EDA program to help small businesses gain access to fairly priced PPE

    Small businesses in need of PPE — especially those based in underserved communities — got a bit of help this week.

    The board of the New Jersey Economic Development Authority authorized $4 million in funding for the first phase of the Small and Micro Business PPE Access Program, which is designed to ensure that the state’s small businesses and nonprofits have access to the fairly priced personal protective equipment.

    The EDA will use $3.5 million of this funding to support participating retailers’ purchases of PPE from New Jersey-based manufacturers and from small distributors located in the state’s historically underserved communities.

    The remaining $500,000 will go toward marketing, technology development and administrative costs of running the program.

    If phase one is successful, the EDA will seek board approval to put another $11 million into the program. This additional funding will go to micro and small businesses as grants to support PPE purchases made through the program.

    Gov. Phil Murphy said the program is a way the state can help business owners with one of their most difficult challenges: Securing PPE.

    “Business owners and company leaders have enough on their plates as they navigate operating with new protocols in place to safeguard the health of their customers and staff,” he said. “We are taking this step to make finding and securing PPE and other safeguarding supplies easier for business owners so they can focus on rebuilding their businesses and ensuring their future success.”

    Under the program’s first phase, the state will launch a new website that provides micro and small businesses with the information needed to make easier and better PPE sourcing decisions. The website will also offer a vetted list of online retailers that have agreed to verify the quality of the PPE they are selling and offer at least a 10% discount to businesses who enter through the state’s website.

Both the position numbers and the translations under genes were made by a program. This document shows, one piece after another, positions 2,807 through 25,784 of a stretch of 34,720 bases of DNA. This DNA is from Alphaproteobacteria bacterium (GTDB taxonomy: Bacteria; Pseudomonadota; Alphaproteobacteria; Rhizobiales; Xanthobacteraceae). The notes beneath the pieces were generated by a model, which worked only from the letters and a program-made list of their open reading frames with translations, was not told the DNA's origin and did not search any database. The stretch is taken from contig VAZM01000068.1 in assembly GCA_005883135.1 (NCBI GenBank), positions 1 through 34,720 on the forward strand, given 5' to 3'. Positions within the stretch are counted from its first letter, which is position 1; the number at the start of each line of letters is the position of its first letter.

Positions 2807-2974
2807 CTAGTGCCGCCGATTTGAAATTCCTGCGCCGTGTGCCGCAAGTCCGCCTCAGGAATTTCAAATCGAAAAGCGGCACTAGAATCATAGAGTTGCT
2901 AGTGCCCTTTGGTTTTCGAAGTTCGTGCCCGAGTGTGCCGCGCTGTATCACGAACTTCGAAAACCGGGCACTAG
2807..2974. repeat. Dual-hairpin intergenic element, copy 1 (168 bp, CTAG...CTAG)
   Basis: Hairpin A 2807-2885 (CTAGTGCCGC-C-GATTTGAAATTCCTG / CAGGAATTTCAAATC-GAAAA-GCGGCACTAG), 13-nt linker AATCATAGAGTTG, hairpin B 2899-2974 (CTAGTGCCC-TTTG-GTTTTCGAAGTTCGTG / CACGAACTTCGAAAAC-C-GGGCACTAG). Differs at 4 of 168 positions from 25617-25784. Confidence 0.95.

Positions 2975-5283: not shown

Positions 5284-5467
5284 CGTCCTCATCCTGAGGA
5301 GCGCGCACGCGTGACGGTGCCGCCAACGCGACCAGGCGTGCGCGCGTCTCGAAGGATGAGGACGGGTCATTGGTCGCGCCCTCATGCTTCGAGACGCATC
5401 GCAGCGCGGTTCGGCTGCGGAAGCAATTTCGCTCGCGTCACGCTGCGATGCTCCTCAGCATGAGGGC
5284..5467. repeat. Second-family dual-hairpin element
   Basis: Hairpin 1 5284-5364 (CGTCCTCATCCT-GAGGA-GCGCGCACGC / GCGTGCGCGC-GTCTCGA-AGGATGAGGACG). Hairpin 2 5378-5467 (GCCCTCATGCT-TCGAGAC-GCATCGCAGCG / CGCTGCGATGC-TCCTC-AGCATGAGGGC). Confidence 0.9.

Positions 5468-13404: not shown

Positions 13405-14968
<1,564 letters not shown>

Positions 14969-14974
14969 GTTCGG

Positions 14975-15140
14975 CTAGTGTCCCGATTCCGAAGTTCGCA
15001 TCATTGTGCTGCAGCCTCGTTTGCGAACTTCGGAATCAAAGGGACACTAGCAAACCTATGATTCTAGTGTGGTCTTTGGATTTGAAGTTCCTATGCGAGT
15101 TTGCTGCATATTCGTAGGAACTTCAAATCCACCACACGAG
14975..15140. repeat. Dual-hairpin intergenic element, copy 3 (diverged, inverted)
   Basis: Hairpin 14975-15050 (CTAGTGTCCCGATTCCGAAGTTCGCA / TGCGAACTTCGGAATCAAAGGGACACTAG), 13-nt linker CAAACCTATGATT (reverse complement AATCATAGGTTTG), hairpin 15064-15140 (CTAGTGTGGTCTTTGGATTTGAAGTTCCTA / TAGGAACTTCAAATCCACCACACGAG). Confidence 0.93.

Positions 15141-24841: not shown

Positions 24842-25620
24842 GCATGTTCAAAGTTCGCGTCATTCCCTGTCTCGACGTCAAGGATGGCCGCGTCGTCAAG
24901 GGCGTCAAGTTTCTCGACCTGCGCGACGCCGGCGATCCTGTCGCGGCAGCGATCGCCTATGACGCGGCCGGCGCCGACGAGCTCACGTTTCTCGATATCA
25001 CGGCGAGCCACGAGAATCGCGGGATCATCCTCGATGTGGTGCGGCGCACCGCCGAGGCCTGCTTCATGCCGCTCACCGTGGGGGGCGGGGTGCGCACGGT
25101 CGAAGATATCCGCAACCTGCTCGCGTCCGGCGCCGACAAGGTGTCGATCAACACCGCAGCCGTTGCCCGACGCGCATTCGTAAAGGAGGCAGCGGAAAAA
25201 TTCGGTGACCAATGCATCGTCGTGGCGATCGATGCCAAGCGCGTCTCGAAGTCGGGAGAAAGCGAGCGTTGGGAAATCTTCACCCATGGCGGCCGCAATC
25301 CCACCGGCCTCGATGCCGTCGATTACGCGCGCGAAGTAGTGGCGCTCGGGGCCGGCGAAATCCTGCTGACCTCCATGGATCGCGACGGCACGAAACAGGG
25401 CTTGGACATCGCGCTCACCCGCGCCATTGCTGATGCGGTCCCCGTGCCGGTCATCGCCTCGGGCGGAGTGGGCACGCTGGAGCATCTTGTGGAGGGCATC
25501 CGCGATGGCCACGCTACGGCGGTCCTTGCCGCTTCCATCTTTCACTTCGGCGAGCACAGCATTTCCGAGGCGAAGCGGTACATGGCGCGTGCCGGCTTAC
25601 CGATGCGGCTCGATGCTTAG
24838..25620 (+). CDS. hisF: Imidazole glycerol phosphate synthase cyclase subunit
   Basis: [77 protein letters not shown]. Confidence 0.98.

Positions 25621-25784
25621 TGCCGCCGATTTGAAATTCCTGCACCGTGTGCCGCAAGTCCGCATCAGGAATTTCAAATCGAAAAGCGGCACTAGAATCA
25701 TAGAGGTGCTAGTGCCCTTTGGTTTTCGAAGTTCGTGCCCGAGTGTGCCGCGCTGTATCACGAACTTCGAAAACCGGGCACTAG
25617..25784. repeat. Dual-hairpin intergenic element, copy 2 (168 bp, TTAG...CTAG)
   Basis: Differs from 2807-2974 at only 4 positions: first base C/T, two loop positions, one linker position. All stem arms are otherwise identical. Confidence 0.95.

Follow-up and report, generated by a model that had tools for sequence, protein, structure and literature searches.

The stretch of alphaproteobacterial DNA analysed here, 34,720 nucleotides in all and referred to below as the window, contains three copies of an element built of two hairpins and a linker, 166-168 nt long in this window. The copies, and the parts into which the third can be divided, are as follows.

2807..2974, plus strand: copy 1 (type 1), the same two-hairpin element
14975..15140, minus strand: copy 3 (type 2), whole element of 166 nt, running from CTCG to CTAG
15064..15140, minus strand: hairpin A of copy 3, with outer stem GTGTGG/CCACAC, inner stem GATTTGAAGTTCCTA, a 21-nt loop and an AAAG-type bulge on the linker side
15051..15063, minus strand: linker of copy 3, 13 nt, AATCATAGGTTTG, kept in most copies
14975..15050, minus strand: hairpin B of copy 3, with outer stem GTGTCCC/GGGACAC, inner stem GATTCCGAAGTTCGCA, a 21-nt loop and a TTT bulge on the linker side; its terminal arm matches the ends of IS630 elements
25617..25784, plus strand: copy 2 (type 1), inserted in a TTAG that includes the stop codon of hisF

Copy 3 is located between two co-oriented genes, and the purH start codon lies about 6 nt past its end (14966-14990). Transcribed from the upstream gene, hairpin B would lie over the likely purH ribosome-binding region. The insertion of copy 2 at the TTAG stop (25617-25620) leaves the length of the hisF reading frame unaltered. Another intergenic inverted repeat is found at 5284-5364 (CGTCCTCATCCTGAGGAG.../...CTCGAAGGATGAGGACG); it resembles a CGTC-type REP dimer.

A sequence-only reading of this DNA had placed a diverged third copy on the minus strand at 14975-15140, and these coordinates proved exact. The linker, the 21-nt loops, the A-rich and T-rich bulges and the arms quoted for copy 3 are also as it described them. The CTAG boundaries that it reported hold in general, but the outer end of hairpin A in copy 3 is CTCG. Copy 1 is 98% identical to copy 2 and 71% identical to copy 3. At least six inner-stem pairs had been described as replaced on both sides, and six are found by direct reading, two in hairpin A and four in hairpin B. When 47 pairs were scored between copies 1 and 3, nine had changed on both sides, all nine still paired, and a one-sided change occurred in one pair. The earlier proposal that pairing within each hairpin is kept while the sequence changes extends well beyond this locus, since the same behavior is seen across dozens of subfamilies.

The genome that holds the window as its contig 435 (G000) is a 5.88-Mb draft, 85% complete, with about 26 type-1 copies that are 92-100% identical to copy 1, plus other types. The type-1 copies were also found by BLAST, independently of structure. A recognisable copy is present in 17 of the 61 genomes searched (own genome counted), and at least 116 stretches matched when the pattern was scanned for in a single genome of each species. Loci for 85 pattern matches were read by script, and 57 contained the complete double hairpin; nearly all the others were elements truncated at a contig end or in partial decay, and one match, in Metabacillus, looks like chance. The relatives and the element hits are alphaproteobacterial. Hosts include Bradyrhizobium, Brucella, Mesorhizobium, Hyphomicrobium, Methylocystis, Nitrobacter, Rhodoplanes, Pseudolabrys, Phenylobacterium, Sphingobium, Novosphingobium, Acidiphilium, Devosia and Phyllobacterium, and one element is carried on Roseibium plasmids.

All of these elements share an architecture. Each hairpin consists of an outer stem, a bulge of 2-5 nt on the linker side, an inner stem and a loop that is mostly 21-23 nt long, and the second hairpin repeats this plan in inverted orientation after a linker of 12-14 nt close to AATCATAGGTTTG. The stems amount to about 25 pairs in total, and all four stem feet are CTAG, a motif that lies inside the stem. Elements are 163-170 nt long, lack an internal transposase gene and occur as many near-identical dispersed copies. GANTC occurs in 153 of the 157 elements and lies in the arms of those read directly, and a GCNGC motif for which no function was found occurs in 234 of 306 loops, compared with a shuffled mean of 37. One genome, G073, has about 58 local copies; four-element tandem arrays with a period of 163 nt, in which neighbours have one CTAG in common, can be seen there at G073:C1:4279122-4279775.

Online retailers will be vetted on a first-come, first-serve basis by the EDA, and must agree to certain performance standards for their site, such as transparent pricing or high quality products. Vetted online retailers will also be eligible to access an EDA grant pool of up to $3.5 million to support the purchase of PPE that is manufactured in New Jersey or sourced from a small wholesaler based in a historically underserved community.

    Assuming the first phase of the program is successful, the EDA intends to expand the program. The intent is for this support to flow directly through the vetted online vendors, allowing users to access the grant funds at the time of their online checkout.

    The state feels this public-private approach could support more than $45 million in PPE purchases and more than 50,000 small and micro businesses.

    EDA CEO Tim Sullivan said the program is a result of the RFI the EDA issued in June, when it wanted to gather input and suggestions that could help to shape a possible program to ensure small businesses had sufficient access to PPE.

    “The NJEDA’s top priority throughout the COVID-19 pandemic has been helping the smallest of businesses face the unique challenges posed by this public health and economic crisis, including keeping their employees and customers safe,” he said. “Ensuring sufficient access to quality, affordable PPE is essential to allowing businesses of all sizes to reopen safely.”